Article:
Every application for a permit to purchase any description of goods costs ten and a-half ticalls: this permit only serves for one house, and one time of weighing: so that, if you are about receiving any quantity of goods of the same quality from different merchants, agree with them to send it all to one house, and make one day for weighing off the whole in the merchant’s name at whose house it is weighed. This mode will save the expence of a multiplicity of permits, and quicken dispatch. Upon each of these weighing days you must have three of the King’s writers, the first and second Shabundar, and the Linguist: to each of these, daily, you pay one-quarter ticall; but it will be your interest to give them some trifling presents.

Elephants teeth, tin, sapan wood, and lead, purchased from the King, are free of all customs; but if bought from private merchants they pay as follows :

Elephants teeth, (any sbrt), 4 ticalls per pecul.
tin, — — 2 ditto per bhar.
Sapan wood, — 4 ditto per 100 pecul.
Lead, — — 2 mace per bhar.

If from any part of India, (as Bengal, the Coromandel, Malabar, or Guzerat coasts, Bombay, Surat, &c.) you pay the following customs before you sail:

Measurage, if above three fathoms, or eighteen feet beam, to the King, 10 ticalls.
To the Barcola, (or first Shabundar,) 10 ticalls.
To the lecond Shabundar, 10 ticalls.
For your arrival at the bar, 10½ ticalls.
To pilots, and entrance, 10½ ticalls.
To pass the two tobangoes (or chop-houses) each 10½ ticalls.
To each permit, 10
½ ticalls.
To a permit to measure, 10½ ticalls.
To a permit to open your bales, 12 ticalls.
To a permit for leave to sell, 10½ticalls.
And on going away, to each of the two tobangoes, 20 ticalls.

At the place where they infill on your landing your guns 20 ticalls; with some other charges which are trifling.

The duties upon your imports are eight per cent., except dates, kissmisses, almonds, and some other trifles which are excused.

Vessels from Malacca, Palambang, Banca, Batavia, Tringano, Cambodia, Cochin China, and their coasts, pay neither duties nor customs on their goods; they only pay,

For registering inwards, 11 ticall.
Two permits to pass the tobangoes, each 10½ ticalls.

If the vessel has no goods she will pay one ticall per covid (of 14½ inches) for her breadth of beam; but if she has trade she pays two ticalls per covid.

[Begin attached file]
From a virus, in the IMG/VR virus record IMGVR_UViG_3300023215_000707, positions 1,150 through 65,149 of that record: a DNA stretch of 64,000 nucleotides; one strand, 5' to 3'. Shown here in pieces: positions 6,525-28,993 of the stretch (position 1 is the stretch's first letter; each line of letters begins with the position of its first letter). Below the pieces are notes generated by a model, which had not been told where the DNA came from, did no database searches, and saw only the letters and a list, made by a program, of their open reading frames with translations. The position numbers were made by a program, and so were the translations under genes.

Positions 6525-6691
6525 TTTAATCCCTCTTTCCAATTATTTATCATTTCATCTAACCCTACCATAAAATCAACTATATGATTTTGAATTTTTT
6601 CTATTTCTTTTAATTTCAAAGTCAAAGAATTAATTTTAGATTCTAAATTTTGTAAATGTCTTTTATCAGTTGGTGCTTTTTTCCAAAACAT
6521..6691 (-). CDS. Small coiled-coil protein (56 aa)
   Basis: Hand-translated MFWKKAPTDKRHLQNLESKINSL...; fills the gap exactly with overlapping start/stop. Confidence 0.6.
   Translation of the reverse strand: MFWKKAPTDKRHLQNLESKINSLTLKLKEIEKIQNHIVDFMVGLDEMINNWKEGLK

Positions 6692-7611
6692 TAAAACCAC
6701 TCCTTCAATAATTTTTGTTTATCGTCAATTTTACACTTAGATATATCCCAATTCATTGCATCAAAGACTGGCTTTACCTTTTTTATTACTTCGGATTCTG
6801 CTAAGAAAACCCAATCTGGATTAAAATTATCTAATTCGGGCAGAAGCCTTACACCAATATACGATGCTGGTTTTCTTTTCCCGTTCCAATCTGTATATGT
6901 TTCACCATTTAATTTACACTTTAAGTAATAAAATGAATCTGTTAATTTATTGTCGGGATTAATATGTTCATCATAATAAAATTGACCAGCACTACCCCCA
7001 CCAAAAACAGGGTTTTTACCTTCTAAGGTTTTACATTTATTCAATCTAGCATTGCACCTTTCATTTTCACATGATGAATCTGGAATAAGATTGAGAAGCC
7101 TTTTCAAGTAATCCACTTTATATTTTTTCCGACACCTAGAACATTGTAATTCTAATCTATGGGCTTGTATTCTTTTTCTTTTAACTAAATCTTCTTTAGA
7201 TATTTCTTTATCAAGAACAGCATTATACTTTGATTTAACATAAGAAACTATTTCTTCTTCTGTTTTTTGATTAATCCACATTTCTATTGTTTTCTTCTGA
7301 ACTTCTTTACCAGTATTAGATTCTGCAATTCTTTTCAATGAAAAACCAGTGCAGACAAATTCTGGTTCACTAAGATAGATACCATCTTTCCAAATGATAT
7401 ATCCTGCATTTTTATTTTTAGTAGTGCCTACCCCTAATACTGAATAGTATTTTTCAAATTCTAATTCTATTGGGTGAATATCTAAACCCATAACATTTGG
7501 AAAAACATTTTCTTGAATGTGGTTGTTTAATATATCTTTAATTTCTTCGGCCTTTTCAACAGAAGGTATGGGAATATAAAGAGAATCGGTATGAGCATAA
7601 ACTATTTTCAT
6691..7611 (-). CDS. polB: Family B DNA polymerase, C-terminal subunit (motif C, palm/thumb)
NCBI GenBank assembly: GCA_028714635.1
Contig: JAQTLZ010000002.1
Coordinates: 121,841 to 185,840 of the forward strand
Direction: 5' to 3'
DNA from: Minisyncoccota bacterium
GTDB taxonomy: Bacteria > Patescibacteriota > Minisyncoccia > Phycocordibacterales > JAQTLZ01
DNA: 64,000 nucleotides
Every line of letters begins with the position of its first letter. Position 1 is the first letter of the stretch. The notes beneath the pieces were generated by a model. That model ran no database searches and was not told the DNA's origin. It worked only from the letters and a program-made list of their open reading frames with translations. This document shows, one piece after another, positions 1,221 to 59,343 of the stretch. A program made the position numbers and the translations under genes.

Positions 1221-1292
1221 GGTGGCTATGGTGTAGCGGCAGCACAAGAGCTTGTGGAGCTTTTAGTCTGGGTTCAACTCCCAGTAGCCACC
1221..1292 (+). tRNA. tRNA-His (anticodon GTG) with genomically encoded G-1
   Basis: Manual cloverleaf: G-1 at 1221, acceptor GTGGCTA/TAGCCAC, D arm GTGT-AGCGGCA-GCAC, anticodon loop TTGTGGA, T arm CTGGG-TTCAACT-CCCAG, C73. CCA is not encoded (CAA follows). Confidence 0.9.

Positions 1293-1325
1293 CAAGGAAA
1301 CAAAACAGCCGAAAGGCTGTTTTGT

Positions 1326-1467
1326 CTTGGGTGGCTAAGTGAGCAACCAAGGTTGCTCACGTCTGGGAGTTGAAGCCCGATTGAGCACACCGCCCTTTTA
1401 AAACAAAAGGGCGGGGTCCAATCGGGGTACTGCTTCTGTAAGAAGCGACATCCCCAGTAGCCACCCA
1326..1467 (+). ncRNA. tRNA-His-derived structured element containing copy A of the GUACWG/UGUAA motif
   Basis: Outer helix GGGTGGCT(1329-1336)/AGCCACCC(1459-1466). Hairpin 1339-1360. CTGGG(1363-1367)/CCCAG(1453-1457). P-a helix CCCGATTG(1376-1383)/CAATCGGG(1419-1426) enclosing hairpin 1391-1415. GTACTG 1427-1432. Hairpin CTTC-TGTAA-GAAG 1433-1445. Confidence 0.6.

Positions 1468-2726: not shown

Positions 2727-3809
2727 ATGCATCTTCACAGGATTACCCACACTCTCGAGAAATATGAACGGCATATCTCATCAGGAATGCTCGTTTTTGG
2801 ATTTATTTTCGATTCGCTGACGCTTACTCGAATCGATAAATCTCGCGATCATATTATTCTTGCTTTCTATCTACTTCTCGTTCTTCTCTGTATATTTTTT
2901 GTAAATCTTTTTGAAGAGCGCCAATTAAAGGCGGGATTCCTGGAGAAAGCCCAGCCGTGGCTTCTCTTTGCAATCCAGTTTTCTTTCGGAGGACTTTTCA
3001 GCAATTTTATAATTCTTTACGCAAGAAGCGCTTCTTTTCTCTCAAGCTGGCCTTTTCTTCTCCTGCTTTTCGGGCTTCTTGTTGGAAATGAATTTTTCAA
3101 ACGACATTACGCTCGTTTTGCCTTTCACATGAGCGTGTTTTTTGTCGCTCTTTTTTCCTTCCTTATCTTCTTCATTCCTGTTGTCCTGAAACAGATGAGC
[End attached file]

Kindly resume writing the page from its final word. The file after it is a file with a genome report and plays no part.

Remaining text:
I would advise all vessels from India, going to Siam, to take a fresh port clearance from Malacca; as it must appear obvious the great indulgences she will enjoy, and the saving in the measurement and charges."

[a.a.O. -- S. 305 - 310]


เจ้าพระยาพระคลัง (หน) [Chaophraya Phraklang (Hon)] < - 1805> [Übers.] : สามก๊ก [Drei Königreiche]. --  (in der modernen Druckausgabe: 1500 Seiten im Lexikonformat). -- Originaltitel: 三國演義

Abb.: Einbandtitel von Bd. 1 einer modernen Ausgabe

"Die Geschichte der Drei Reiche (chinesisch 三國演義 / 三国演义, Pinyin Sānguó Yǎnyì) ist ein Roman des chinesischen Autors Luo Guanzhong (羅貫中, ca. 1330 - 1400) über die turbulente Zeit der Drei Reiche (ca. 208–280) und gehört zu den populärsten chinesischen Romanen. Er wird auch zu den vier klassischen Romanen (四大名著) gezählt."

[Quelle: -- Zugriff am 2015-05-14]


พระยาธรรมปรีชา (แก้ว) [Phraya Thammapricha (Kaeo)]: ไตรภูมิโลกวินิจฉยกถา [Traibhumilokavinicchayakatha - Das Traiphum des Phra Ruong - eine Untersuchung über die Welten]. -- Eine im Auftrag von Rama II. verfasste leichtverständliche Fassung des Traiphum Phra Ruong (ไตรภูมิพระร่วง)

Abb.: Einbandtitel einer modernen Ausgabe


In Schottland wird der erste wirtschaftlich arbeitende Schaufelraddampfer der Welt, Charlotte Dundas, erprobt. Konstrukteur ist William Symington (1764 - 1831). Damit beginnt das allmähliche Ende der Segelschifffahrt.

Abb.: Charlotte Dundas, 1883 / Zeichnung von Robert Bowie
[Bildquelle: Wikipedia. -- Public domain]

1802 datiert


Gründung der United States Military Academy at West Point (USMA)

Abb.: Lage von West Point
[Bildquelle: OpenStreetMap. -- Creative Commons Lizenz (Namensnennung, share alike)]


Mönche des Wat Mahathat (วัดมหาธาตุ ยุวราชรังสฤษฎิ์ ราชวรมหาวิหาร) vergnügen sich mit Feuerwerk, das Kloster fängt Feuer und wird fast völlig zerstört. Mit dem Wiederaufbau wird sofort begonnen.

Abb.: Lage von Wat Mahathat (วัดมหาธาตุ ยุวราชรังสฤษฎิ์ ราชวรมหาวิหาร)
[Bildquelle: OpenStreetMap. -- Creative Commons Lizenz (Namensnennung, share alike)]


König Kawila (พระเจ้าบรมราชาธิบดีกาวิละ, 1742 - 1816) von Chiang Mai (ᨩ᩠ᨿᨦᩉ᩠ / เชียงใหม่) kommt nach Bangkok und wird von Rama I. als hochrangiger Vasall (เจ้าประเทศราช - König eines abhängigen Landes) akzeptiert. Chiang Mai erhält die Führung über das eigenständige  Fürstentum Lampang (ลำปาง), wo ein jüngerer Bruder Kawilas regiert.

Abb.: Lage von Chiang Mai (เชียงใหม่) und Lampang (ลำปาง)
[Bildquelle: CIA. -- Public domain]

Ende 1802

Burma wird endgültig aus Nordthailand vertrieben.

Verwendete Ressourcen


Zu Chronik 1803 (Rama I.)